Newest review: Waking Gods by Sylvain Neuvel

By Ekta R. Garg

April 5, 2017

Genre: Science fiction

Rated: Binge it!

Ten years after scientists discover a giant robot on Earth, the world must deal with a second robot that appears without warning. Unlike the first robot, however, the second one exhibits malicious intentions. The scientists who found the first robot will have to use every resource at their disposal to stop the new evil visitor before every person succumbs. Author Sylvain Neuvel continues the thrilling story of Themis with aplomb in the second novel of the Themis Files series called Waking Gods.

It’s been a decade since scientist Rose Franklin and her team excavated and assembled the mysterious pieces of metal that turned into the robot she named Themis. The world has become complacent about Themis in that time. Since her appearance, nothing terrible has happened and Themis seems more like a fascinating scientific oddity than anything else.

So when another robot just appears one morning in London, residents of that city as well as others think Themis’s “family” may finally be joining her. Rose doesn’t know what to think about the new robot. As a scientist she’s intrigued, but an unnamed government source told Rose that Themis wouldn’t be the only one to visit. Nor would the other robots necessarily be as benign as Themis.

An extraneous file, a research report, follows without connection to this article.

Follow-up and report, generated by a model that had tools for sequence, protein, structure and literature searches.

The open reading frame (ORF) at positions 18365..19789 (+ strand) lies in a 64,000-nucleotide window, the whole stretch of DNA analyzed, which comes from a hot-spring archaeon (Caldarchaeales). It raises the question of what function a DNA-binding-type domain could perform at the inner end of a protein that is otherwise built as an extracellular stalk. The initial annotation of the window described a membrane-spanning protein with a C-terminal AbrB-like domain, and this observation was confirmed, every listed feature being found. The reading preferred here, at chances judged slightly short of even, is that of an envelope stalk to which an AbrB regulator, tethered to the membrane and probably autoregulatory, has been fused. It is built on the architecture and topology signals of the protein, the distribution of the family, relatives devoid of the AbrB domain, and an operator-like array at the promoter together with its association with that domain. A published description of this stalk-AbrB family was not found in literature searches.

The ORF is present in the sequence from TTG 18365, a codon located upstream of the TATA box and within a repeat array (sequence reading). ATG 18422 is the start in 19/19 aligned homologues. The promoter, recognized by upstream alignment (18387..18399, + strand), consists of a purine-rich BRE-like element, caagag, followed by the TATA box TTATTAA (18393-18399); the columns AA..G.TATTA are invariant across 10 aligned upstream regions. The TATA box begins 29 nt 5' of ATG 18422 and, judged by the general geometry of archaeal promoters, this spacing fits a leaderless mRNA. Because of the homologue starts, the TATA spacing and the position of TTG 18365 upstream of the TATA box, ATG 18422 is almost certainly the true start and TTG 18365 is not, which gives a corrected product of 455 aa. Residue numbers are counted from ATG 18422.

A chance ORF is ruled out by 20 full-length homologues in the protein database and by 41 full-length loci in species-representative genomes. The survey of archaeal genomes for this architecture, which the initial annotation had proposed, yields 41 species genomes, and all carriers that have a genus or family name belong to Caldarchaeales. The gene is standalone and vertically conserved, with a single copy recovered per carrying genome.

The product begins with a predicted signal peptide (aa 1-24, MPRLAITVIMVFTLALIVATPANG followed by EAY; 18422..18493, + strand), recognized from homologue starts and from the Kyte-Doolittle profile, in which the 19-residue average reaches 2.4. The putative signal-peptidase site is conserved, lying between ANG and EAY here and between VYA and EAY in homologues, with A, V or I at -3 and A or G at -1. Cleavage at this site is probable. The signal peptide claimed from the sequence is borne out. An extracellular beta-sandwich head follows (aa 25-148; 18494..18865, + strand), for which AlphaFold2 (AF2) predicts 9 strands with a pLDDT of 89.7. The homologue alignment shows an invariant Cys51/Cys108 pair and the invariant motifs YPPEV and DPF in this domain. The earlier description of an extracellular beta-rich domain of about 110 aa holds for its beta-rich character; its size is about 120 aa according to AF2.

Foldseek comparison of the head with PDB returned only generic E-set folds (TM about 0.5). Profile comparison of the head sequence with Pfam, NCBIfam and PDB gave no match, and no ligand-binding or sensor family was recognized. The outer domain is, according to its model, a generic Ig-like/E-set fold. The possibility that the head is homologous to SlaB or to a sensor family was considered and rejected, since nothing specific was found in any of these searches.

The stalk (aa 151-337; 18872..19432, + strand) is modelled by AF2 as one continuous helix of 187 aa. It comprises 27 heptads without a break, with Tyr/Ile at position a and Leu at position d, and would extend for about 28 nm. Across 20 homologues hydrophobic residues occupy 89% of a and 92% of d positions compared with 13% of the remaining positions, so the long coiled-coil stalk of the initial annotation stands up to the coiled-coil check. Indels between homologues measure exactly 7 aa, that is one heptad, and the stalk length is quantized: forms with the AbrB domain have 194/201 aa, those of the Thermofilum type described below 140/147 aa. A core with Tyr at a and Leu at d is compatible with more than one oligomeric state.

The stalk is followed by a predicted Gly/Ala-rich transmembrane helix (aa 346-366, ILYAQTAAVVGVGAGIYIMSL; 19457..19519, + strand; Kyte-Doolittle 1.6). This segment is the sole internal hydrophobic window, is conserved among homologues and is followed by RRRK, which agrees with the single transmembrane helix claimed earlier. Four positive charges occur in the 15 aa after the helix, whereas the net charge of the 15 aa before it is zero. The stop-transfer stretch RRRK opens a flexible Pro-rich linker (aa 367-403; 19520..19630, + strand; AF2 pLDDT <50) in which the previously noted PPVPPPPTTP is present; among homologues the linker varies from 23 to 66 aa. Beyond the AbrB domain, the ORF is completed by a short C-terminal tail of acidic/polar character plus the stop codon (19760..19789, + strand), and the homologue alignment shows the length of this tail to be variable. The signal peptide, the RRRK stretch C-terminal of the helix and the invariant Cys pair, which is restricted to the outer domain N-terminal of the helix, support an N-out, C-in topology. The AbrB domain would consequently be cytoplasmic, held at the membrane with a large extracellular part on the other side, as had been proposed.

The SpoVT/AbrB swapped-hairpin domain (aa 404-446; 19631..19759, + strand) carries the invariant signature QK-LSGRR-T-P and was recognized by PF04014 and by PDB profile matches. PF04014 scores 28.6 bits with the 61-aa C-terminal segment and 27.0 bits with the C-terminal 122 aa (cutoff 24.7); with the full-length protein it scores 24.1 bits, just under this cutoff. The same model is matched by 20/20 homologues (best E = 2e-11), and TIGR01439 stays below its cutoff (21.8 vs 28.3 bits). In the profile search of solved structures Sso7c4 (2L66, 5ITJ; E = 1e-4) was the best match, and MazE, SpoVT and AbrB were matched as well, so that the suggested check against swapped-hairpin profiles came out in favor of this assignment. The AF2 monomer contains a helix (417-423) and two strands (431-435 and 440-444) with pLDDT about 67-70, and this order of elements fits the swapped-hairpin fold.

The prediction becomes truth when the second robot in London emits a deadly gas and kills thousands. Before anyone can formulate a plan, robots begin arriving in other cities. They, too, begin emitting deadly gasses.

The citizens of the world are under attack.

Not everyone dies, however, and Rose races to find out why. The survivors don’t seem to have any connection to one another. Why do they get to live?

Along with all this, Rose deals with her own insecurities about her abilities. Years earlier she was found after an accident in which she supposedly died. When she wakes up, four years have passed and she questions everything she knows about herself and her life.

It doesn’t help that Kara and Vincent, the cracker jack team of scientists who actually pilot Themis, also treat Rose like a delicate vase. They want to restore the friendship the three shared, but they’re not sure how to go about doing that. With the progression of world events, however, Rose, Kara, Vincent, and all the others involved may not get the time they want to sort through their personal challenges.